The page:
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Friday, September 14, 2018

'U Turn' review: The street to disclosure

U Turn commences with a fairly easygoing mother-little girl discussion. They're situated inside an autorickshaw and the mother eggs on Rachna (Samantha) to stop her news coverage dreams and get hitched. "Namba kalyana panikalama (Shall we get hitched)," Rachna asks the autodriver spontaneously. It's one of only a handful couple of lighter minutes in a film that rapidly gets into genuine spine chiller mode. 

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Rachna works at a daily paper office and really likes Aditya (Rahul Ravindran), a wrongdoing correspondent. She's chipping away at her own wrongdoing story — one she has been following for some time — on the happenings at the Velachery flyover. That flyover is the centrepoint for the film; that is the place drivers, relatively consistently, pay little regard to the rocks and take a U-swing to achieve their goal quicker. Rachna plans to discover them and direct meetings, for a story on why individuals need fundamental municipal sense. 

At the same time, she turns into a speculate herself. A spate of killings happens and abruptly, Rachna winds up right in the thick of things. 

U-Turn audit 

Sort: Thriller 

Cast: Samantha, Aadhi, Bhumika 

Storyline: A journalist gets captured amidst a wrongdoing story that is unfurling 

So do we. Executive Pawan Kumar gradually, however most likely, steers U Turn into a thickly finished film that springs shocks once in a while. We believe this is a straightforward simple scenario, yet as Rachna and Nayak (a viable Aadhi) plunge further, they understand there's a whole other world to it.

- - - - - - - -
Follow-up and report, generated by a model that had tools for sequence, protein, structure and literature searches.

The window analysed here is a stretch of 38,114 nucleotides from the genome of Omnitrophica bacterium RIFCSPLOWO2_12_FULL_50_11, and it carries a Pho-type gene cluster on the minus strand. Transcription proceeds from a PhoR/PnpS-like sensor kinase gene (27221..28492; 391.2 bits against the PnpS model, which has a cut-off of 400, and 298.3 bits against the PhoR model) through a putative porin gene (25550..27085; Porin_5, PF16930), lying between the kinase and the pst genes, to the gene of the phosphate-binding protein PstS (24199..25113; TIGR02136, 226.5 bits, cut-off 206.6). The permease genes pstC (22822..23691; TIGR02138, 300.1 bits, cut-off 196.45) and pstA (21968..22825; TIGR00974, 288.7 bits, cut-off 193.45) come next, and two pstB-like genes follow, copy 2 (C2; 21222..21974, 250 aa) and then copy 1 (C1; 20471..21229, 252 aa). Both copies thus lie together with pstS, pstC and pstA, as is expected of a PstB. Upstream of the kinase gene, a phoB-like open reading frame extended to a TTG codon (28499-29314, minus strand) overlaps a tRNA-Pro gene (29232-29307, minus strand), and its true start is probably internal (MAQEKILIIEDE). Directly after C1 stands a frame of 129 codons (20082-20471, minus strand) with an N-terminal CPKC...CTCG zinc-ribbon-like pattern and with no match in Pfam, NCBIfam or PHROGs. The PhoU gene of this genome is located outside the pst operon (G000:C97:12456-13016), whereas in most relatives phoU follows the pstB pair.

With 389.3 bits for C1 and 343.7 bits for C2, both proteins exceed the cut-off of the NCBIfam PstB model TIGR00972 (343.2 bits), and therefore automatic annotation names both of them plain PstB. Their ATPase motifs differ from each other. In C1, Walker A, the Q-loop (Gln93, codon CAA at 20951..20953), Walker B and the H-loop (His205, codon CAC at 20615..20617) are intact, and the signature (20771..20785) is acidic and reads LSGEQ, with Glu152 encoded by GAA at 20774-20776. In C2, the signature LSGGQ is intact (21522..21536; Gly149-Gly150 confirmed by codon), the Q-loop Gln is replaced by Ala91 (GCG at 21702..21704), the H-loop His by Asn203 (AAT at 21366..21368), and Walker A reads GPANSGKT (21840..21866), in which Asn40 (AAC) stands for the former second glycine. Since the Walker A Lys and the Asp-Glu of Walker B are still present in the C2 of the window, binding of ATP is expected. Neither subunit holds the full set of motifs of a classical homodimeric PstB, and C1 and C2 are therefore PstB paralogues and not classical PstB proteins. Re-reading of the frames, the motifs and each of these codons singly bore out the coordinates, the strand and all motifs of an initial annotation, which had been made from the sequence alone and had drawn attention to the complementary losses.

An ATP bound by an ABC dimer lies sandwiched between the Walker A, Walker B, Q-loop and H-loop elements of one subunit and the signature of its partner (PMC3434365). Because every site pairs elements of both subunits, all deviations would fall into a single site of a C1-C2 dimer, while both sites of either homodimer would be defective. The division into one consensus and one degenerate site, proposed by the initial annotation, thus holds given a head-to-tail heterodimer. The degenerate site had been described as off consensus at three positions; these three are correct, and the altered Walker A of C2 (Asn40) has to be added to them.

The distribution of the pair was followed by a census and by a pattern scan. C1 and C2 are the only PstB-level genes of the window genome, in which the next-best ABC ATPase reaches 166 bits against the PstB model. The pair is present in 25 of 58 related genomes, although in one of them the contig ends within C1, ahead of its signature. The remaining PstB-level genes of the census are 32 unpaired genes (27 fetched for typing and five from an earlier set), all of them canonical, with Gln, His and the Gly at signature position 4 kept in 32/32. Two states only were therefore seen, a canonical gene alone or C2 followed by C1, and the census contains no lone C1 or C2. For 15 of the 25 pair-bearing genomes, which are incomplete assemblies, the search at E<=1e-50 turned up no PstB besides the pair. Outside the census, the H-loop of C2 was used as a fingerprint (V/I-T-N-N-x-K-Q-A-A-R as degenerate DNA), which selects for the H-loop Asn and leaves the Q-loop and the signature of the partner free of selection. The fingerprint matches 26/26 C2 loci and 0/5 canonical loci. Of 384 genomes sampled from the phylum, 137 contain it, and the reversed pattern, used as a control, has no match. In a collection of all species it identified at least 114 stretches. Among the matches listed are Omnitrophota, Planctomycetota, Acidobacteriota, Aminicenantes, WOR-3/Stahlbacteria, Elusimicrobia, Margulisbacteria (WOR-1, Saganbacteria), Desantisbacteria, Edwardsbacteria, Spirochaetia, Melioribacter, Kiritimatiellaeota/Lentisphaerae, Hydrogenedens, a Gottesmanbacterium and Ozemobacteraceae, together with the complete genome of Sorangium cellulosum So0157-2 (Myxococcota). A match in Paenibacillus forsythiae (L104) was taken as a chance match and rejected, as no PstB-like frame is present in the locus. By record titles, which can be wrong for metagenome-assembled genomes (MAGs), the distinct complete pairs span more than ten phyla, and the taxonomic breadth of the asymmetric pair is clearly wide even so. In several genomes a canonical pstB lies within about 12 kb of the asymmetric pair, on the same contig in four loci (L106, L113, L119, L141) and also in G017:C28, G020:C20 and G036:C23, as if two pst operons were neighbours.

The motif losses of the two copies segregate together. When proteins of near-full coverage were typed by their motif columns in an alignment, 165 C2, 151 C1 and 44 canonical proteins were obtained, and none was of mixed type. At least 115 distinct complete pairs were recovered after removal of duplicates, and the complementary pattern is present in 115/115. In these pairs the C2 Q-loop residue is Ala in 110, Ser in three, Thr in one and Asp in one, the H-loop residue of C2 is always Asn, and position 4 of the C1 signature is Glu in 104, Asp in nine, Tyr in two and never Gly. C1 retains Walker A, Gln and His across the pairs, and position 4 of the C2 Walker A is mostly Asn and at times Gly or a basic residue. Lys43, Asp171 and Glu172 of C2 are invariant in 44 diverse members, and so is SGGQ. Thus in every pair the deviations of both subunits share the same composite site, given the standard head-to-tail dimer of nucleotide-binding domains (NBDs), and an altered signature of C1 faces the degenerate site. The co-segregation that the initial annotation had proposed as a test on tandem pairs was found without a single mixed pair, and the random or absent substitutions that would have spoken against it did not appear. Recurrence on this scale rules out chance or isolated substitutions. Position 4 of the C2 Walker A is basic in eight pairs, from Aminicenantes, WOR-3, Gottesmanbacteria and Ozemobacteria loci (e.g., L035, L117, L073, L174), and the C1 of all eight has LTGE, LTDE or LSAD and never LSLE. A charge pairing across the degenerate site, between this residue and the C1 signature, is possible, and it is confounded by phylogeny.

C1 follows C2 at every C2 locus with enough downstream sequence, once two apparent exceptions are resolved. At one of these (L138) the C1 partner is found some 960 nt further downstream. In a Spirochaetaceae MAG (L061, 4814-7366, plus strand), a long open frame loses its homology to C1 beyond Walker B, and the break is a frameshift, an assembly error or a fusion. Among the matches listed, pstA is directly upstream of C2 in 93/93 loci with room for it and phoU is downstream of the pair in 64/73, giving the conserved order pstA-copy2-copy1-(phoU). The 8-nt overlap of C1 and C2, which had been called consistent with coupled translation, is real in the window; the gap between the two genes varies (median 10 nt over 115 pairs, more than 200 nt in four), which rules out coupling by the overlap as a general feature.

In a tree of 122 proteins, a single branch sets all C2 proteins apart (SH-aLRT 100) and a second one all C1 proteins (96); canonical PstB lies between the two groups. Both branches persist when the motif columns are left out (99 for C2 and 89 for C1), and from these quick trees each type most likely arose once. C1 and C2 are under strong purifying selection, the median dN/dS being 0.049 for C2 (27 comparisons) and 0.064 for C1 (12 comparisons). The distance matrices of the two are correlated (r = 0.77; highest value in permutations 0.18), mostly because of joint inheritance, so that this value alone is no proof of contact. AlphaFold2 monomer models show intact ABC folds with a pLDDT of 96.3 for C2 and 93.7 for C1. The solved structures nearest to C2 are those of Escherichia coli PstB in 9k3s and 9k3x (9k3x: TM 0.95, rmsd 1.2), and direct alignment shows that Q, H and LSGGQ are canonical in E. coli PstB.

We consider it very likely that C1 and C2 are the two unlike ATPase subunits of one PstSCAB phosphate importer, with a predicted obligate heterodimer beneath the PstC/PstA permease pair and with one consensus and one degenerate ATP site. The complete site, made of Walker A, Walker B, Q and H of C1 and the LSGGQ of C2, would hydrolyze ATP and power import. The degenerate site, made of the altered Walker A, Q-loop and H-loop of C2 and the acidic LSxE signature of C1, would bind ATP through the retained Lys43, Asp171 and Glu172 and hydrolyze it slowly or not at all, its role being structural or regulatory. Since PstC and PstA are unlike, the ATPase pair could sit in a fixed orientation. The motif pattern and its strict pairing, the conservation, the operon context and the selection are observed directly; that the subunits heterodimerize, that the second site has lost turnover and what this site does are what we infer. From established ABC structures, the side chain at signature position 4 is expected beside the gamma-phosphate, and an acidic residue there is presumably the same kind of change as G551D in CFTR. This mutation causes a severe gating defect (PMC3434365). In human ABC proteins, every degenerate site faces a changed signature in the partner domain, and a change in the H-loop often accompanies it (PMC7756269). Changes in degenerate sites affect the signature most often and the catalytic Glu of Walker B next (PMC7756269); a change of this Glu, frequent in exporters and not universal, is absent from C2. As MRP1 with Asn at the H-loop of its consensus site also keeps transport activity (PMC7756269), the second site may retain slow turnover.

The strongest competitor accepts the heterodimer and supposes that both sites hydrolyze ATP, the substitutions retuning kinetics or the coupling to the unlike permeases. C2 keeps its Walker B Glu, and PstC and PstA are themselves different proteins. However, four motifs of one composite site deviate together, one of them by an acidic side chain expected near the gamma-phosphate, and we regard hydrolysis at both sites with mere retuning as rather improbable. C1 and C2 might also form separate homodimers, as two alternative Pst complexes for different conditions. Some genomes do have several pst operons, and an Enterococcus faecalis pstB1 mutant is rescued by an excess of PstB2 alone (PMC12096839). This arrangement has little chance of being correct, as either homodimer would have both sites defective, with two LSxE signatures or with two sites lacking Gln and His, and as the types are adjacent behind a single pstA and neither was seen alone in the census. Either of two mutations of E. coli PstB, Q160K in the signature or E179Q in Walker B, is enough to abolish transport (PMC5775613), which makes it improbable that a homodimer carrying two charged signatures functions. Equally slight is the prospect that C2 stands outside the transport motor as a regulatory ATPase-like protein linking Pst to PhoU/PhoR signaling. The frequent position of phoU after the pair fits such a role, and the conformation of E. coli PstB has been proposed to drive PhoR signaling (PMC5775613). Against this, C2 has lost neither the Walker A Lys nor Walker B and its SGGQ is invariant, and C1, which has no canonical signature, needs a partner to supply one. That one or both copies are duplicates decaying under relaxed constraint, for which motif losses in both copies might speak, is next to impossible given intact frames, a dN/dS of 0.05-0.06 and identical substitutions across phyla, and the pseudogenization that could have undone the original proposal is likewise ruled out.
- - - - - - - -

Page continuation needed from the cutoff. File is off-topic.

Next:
U Turn is the revamp of an acclaimed Kannada film by a similar name and for those who've not viewed the first, the turns keep you snared. It plays out at most occasions such as a large number of those English wrongdoing books you read as a child — you can't rest without finishing the book. 

Helping the reason on the extra large screen significantly is the camerawork (Niketh) which affectionately drifts around the various documents and suspects we're accustomed to finding in a police headquarters. Samantha gets a substantial part and scores. Watch her in the succession when she's simply back home following a whole night of police cross examination. She crumples on the floor, wimpering, taking us directly into the brain of what somebody would feel like in such attempting occasions. She falters, in any case, now and again in the second half, not looking as shocked she should be because of the occasions unfurling before her. The police cross examination arrangements do droop now and again and the frightfulness edge to the storyline unfurls rather comfortable, yet these are among the minor protestations with a generally tight content.

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